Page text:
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  • Publication
    Europe and Central Asia Economic Update, April 2024: Unleashing the Power of the Private Sector
    (Washington, DC: World Bank, 2024-04-11) World Bank
    Economic activity in the Europe and Central Asia (ECA) region is expected to remain resilient but slow this year as a weaker global economy, slowdown in China, and lower commodity prices weigh on the region’s growth outlook. Regional growth is likely to drop to 2.8 percent in 2024, following substantial strengthening to 3.3 percent last year because of a shift from contraction to expansion in the Russian Federation and war-hit Ukraine, and a more robust recovery in Central Asia. Regional output growth is projected to moderate further to 2.6 percent in 2025. The outlook faces multiple headwinds. A slower-than-expected recovery in key trading partners, restrictive monetary policies, and exacerbation of geopolitical developments could further dampen growth across the region. Weak productivity growth in ECA in the recent decade has resulted in a sharp slowdown in income convergence with advanced economies. Fundamental drivers of productivity growth, including progress in advancing institutional and market reforms, technology adoption, and innovation, are key for enabling private sector–led growth. Boosting business dynamism in ECA will require addressing several challenges, including upgrading the competitive environment, reducing state involvement in the economy, dramatically boosting the quality of education, and strengthening the availability of finance. While meeting these challenges will look different across countries, addressing them is an essential condition to achieve stronger economic growth and overcome the middle-income trap.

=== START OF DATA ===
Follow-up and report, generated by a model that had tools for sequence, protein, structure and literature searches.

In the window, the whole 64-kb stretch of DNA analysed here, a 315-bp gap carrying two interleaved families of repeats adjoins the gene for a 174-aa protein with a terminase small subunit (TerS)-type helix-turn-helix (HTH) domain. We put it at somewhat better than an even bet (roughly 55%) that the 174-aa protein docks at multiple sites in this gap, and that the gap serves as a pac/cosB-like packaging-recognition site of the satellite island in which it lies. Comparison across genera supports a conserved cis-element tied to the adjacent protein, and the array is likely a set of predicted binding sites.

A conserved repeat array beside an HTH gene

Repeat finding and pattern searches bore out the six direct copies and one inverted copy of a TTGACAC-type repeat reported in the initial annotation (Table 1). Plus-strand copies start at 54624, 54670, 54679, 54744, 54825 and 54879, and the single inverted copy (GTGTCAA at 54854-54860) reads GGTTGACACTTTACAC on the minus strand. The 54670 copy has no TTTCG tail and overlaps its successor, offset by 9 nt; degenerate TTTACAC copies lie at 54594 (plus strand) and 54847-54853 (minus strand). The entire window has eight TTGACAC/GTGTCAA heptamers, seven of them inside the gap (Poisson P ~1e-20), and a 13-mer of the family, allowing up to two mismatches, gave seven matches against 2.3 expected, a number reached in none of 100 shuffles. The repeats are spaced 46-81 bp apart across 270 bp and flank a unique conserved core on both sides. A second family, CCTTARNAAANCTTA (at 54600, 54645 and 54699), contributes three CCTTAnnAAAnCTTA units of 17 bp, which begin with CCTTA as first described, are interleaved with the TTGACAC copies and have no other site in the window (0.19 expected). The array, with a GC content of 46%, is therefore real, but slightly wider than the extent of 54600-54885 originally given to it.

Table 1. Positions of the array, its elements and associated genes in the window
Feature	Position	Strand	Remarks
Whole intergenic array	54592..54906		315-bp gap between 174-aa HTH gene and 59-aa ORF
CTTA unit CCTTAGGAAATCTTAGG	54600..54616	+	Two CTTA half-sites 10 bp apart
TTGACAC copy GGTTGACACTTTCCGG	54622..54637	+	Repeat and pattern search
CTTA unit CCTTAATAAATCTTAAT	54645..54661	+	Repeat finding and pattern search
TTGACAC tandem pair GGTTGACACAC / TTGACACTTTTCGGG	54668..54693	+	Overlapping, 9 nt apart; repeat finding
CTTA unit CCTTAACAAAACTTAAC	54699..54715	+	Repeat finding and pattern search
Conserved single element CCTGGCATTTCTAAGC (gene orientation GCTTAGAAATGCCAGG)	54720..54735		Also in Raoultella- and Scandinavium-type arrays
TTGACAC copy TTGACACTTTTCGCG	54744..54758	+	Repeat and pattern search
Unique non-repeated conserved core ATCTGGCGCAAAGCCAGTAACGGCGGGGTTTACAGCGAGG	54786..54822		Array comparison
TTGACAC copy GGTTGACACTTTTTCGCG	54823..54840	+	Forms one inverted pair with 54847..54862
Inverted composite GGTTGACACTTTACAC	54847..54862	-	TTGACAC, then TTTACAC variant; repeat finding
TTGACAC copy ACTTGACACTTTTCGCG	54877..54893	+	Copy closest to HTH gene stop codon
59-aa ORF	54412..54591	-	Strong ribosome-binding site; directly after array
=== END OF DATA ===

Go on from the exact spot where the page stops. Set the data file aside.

• Publication
    Refugee Education Financing: Key Facts and Findings — Insights into the Financing of Refugee Education in Low- and Middle-Income Countries
    (Washington, DC: World Bank, 2024-04-11) Hopper, Robert
    This paper, along with its accompanying data, provides the first comprehensive analysis on financing for refugee education in low- and middle-income countries. By compiling and scrutinizing data on host government financing, foreign aid contributions, and philanthropic giving, a consolidated and quantified overview of all major sources of financing for refugee education in low- and middle-income countries is produced. This data is then analyzed to reveal key trends and patterns in refugee education financing, existing financing gaps, and potential biases in financing allocations. These findings are explored in the 10 facts and findings outlined in this paper, and summarized in Box 1 below. It is hoped that this dataset and analysis will help to improve the understanding of financing for refugee education in low- and middle-income countries and inform future discussion and debate on refugee education financing.
  • Publication
    Island Insights: Surging Seas and Increasing Rains — Analyzing Flood Risks in São Tomé and Príncipe, District by District
    (Washington, DC: World Bank, 2024-04-11) World Bank